But the horse stays firmly put on the ground, refusing to move, just like a donkey would. After a minute if pulling as hard as I could, to no account, I finally gave up, feeling a sweat drop on my forehead. I angrily throw the reins away.
"Fine. Looks like I'll be going faster without you anyway."
Shoving my hands into my pockets , I stride away. But soon, as I begin to see the dancing white spots again, suspended in the air, my pace slows down, and I feel thousands gazes in the forest watching me, unseen by even my piercing eyes. I stop to listen, but there is nothing to be heard except my own breath, and the beating of my heart.
There is a song rising from the interlaced branches of darkness. I feel like I recall that song, from long, long ago, somewhere, but yet I am sure I've never heard it. Was that the lullaby you used to sing to me, mother, when I was a baby in the cradle? It is not a human voice; but something sweeter, like a silver flute's; and suddenly I realize, it must be the songbird's call. You had told me about these, my mother, you had told me about the nightingales in the King's garden, and yet I had never imagined something so fair and simple and ringing so clear. Even the birds had flown the dark cover of Nan Elmoth when the shadow grew. Even the birds. I listen still, bewitched by the gently rising melody, and then a note, high-perched, one note in the harmony, opens my eyes again and reminds me to walk on; and for a moment I fear no more.
Under the light I stand, blinking, my eyes slowly adjusting to the new blinding sun. Half my body stays still in the shadows, and I feel too cowardly to take a step and come in the full blaze of sunlight. Again I feel warmth against my skin, and I lift my face, with lips half-parted, and maybe I'm trying to drink the sunrays as rich hydromel.
I am barely aware of you taking my hand, and gently pulling me forwards, and I guess more that I see the smile on your face. Precautious, I take some wary steps on the fresh, green grass, following your lead like one with no will.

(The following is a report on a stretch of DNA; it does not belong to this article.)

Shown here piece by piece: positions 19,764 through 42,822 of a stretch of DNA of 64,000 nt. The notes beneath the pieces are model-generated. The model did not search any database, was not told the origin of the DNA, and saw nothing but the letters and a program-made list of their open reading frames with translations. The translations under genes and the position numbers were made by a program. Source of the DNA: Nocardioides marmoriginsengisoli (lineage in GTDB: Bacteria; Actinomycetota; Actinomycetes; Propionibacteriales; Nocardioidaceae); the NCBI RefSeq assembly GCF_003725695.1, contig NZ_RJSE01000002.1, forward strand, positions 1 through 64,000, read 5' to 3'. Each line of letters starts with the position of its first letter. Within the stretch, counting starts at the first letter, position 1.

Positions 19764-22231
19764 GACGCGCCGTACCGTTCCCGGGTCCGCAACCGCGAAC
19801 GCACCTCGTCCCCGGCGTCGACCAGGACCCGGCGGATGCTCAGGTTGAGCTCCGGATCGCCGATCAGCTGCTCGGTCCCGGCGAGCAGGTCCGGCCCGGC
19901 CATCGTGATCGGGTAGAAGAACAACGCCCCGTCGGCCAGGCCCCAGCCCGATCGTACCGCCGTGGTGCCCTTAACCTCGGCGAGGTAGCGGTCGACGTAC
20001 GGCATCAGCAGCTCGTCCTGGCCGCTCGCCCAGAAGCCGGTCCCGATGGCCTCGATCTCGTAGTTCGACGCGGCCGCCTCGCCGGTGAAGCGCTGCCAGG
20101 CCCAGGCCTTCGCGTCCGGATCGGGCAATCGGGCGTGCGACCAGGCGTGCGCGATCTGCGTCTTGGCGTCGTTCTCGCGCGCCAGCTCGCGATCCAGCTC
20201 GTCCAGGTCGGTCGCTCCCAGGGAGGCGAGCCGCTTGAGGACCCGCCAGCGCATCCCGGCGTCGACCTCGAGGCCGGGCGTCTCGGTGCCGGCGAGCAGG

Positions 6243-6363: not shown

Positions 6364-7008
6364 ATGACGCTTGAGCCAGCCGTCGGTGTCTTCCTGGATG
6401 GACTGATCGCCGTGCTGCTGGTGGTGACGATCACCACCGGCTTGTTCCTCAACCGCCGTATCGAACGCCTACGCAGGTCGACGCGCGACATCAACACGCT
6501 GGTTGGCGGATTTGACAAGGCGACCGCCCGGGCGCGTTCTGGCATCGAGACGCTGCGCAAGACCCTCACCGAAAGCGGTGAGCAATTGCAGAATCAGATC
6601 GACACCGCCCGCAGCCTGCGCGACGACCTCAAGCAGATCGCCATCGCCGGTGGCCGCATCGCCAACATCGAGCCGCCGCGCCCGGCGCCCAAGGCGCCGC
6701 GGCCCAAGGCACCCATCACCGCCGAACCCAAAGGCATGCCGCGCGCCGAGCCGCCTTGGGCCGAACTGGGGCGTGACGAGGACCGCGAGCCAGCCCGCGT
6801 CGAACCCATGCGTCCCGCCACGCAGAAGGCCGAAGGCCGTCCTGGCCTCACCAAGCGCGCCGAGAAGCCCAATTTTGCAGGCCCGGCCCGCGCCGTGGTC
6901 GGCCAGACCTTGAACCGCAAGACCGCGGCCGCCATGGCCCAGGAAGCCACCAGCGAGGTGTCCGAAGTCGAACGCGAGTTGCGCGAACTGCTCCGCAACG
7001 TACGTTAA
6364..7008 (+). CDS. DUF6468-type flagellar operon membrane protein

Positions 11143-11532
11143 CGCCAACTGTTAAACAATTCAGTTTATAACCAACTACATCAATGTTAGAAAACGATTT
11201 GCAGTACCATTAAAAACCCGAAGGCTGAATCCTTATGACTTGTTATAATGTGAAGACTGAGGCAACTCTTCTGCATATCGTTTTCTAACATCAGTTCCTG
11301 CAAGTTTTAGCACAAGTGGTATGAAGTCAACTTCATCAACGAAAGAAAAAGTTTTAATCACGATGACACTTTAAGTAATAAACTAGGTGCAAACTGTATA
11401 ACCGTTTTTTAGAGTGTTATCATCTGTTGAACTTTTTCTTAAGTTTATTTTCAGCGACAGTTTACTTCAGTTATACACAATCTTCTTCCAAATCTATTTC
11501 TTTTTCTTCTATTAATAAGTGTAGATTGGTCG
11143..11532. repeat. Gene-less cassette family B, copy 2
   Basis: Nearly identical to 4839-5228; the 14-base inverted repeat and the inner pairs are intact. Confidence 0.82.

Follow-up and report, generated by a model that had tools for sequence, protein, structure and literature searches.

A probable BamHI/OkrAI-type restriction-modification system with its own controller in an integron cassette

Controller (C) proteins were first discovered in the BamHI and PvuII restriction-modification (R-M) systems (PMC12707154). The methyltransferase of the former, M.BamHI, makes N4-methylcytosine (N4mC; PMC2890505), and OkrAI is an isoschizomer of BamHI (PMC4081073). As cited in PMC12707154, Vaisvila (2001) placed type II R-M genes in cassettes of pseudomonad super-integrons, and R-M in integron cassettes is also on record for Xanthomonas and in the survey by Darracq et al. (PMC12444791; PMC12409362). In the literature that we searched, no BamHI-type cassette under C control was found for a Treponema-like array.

I see dimly the colors surrounding me, vivid, flashing, so live…
The Sun, the Sun, Anar the Maia, how long have I yearned to look her in the face? How long have I spent trying to imagine her, through the legends and lore? How long have I longed, longed for this day to come? And, and…
You hold my hand no more, and yet I walk on still, staring at the sky, until I can walk no more. And then I fall to my knees.
There is something in my throat and in my head that I cannot define.
Covering my face with my hands in a trembling gesture, I feel the moist tears down my cheeks, and suddenly I laugh, for no reason, I laugh, and like a puppet with no strings I fall on the carpet of grass and flowers. It is all the tears I have never cried and all the laughs I have never laughed that now come pouring out in an unstoppable flood of no sadness nor joy. Yes, under the trees of Nan Elmoth hope can only be bitter, but then today under the sunlight it is the thin thread of hope I had nourished with such care that burns to ashes with its fire.
Yet long as I have yearned to see her, as I have thought her to be the cure to my illness, today I understand that the thirst I have is none that the bright Anar can quench, and I stand not relieved, but vanquished under the white and golden light, for the fire that burns inside me is not that of the Sun.
And slowly my mirthless laugh turns into that of a madman's.
1 – Er, I don't know if elven robes would have pockets…
Sorry for the long wait, but the darn horse was being more cooperative than Maeglin… who absolutely refused to be written. I had to spend hours persuading him that it wasn't that bad, but I hate lying to my characters. Then he accepted, but then insisted on having the story go his own way. This chapter did not come out at all like I expected it to; apparently Maedhros and Maglor are not the only ones who like taking over plots.
Next chapter in Aredhel's POV; just hope it will be better than this one. ::cringe::